One thing that this current pandemic has reminded us (often with alarmingly high numbers), is that there is no shortage of suffering taking place, both here and around the world.
Clearly, the effects of Covid-19 and its indiscriminate nature have moved to the front of the line this past year, garnering much of the media attention, and rightfully so. Only now, since vaccines have begun to be distributed, are there some measured amounts of hope for abating this often-deadly virus.
What’s easy to forget is that there are countless other societal issues that, pre-pandemic, required our collective attention, in addition to a significant amount of funding. I recently came across several podcasts and articles that I wanted to share with readers, not only because I found them to be interesting, but also because I hope like-minded individuals might seek to make contributions toward addressing some of our planet’s most pressing needs.
There’s an on-going debate regarding how much money, time and effort is required to eradicate, or at least to some degree, impede the pervasiveness of any given crisis.
To what extent do we pause before giving and ask ourselves, “are these indeed the issues affecting the greatest number of people?”
Sam Harris, a popular American philosopher, neuroscientist and podcaster, recently interviewed the young Scottish ethicist Will MacAskill of Oxford University, who has been at the forefront of developing various entities that address the movement referred to as “effective altruism.”
For those not familiar with the term, MacAskill describes it as “using evidence and careful reasoning to think about how to do the most good as possible, and then taking action on that basis. The real focus is on the ‘most’ good. People don’t appreciate how great a difference in impact there is between different organizations.”
He emphasized how vast those disparities can be, with his research often showing a hundreds if not thousands of times efficacy gap that exists from one charity to another.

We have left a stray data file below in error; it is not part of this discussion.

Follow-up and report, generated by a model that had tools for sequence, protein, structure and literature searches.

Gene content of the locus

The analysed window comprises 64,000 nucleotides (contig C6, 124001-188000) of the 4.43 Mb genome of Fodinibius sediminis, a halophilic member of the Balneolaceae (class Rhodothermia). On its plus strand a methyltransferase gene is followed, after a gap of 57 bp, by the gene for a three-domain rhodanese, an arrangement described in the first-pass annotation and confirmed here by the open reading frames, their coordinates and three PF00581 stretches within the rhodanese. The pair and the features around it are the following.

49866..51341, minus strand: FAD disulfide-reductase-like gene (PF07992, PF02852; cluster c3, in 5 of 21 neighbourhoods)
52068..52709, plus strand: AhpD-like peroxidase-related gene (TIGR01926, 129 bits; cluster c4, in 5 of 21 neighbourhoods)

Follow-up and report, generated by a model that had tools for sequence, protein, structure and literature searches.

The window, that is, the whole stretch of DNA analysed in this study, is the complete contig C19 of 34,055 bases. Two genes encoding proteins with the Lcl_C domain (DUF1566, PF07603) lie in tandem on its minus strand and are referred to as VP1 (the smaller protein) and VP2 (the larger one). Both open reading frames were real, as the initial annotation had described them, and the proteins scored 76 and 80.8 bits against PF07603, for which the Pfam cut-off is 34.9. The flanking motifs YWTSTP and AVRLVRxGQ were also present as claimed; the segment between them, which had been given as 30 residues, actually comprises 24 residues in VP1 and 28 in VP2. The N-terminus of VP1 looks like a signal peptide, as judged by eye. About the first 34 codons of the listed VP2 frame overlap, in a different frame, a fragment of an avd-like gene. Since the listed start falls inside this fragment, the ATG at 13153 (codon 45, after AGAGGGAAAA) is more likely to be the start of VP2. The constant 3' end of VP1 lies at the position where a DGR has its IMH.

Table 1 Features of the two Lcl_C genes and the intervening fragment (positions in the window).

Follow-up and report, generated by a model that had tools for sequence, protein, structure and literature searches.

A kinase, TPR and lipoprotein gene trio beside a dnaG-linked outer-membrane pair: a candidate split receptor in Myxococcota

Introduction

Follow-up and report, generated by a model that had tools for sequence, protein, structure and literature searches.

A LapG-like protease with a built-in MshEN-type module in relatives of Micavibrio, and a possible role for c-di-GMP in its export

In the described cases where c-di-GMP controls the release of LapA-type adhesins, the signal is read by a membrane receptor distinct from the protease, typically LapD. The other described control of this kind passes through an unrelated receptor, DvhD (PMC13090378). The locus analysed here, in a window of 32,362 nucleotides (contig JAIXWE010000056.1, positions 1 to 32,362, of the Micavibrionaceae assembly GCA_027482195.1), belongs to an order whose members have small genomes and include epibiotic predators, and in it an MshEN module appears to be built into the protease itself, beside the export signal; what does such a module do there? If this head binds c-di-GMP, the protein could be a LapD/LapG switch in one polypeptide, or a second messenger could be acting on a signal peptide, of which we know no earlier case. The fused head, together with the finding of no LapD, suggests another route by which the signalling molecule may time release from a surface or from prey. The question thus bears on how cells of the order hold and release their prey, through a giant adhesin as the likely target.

He gives the example of Peter Singer, a professor of bioethics at Princeton University and fellow Oxford grad, who cites a reputable organization, the Against Malaria Foundation.
The UK-based charity provides and distributes long-lasting insecticidal nets, which have been proven highly effective in reducing the number of deaths caused by malaria, primarily in Africa. Since its inception in 2004, the foundation has committed to delivering some 90 million nets.
Clearly, earmarking specific organizations that provide direct, cost-effective assistance to the most people is a goal that we can all strive towards, if not financially, then through active participation. One such method that has garnered attention is to enlist large numbers of young people to become significantly involved in the process.
In a recent brief submitted to the Brookings Institution, Martha Ross and Nicole Bateman of the Metropolitan Policy Program suggest the following: “An expanded national service program can help address these problems. National service programs such as AmeriCorps, Youth Build, and Conservation Corps put young people to work on a variety of socially useful activities — tutoring children, building affordable housing, assisting with disaster response, maintaining public infrastructure and restoring the environment. In return, they earn a modest living allowance and a small educational scholarship.”
Sadly, these programs combined staff a mere 100,000 individuals nationwide. With unemployment rates that have risen significantly since the onset of Covid-19 (younger age groups are taking the biggest hit, according to the latest figures offered by the Bureau of Labor Statistics), now may be the perfect opportunity to address issues that predated the pandemic, while simultaneously providing meaningful employment and impactful life experiences to those involved.
Pete Buttigieg, President-elect Biden’s choice to head the Department of Transportation, in a piece that ran in the New York Times while he was a candidate for President, made a proposal to expand not only the existing government-sponsored programs, but to add new ones that would specifically address climate change, assist the elderly, and treat those suffering from mental health and addiction crises.
When it comes to giving, thankfully there are some real heavy hitters out there from the private sector, such as Bill and Melinda Gates, Warren Buffet, and philanthropist MacKenzie Scott (the former wife of Amazon CEO Jeff Bezos), who recently announced that she has donated in excess of $4 billion these past few months to nearly 400 organizations throughout the U.S. and Puerto Rico. This comes after she’d already pledged nearly $2 billion to multiple sources such as historically Black colleges and universities, civil rights, legal defense, and other entities that typically serve those who’ve been marginalized in our society.
I think we can all agree that whether it’s writing a check to one’s local food pantry or volunteering to mentor at-risk youth, the effective, altruistic choices we make create a better community in which to live. Or as Ms. Scott expressed in a recent interview: “What fills me with hope is the thought of what will come if each of us reflects on what we can offer.”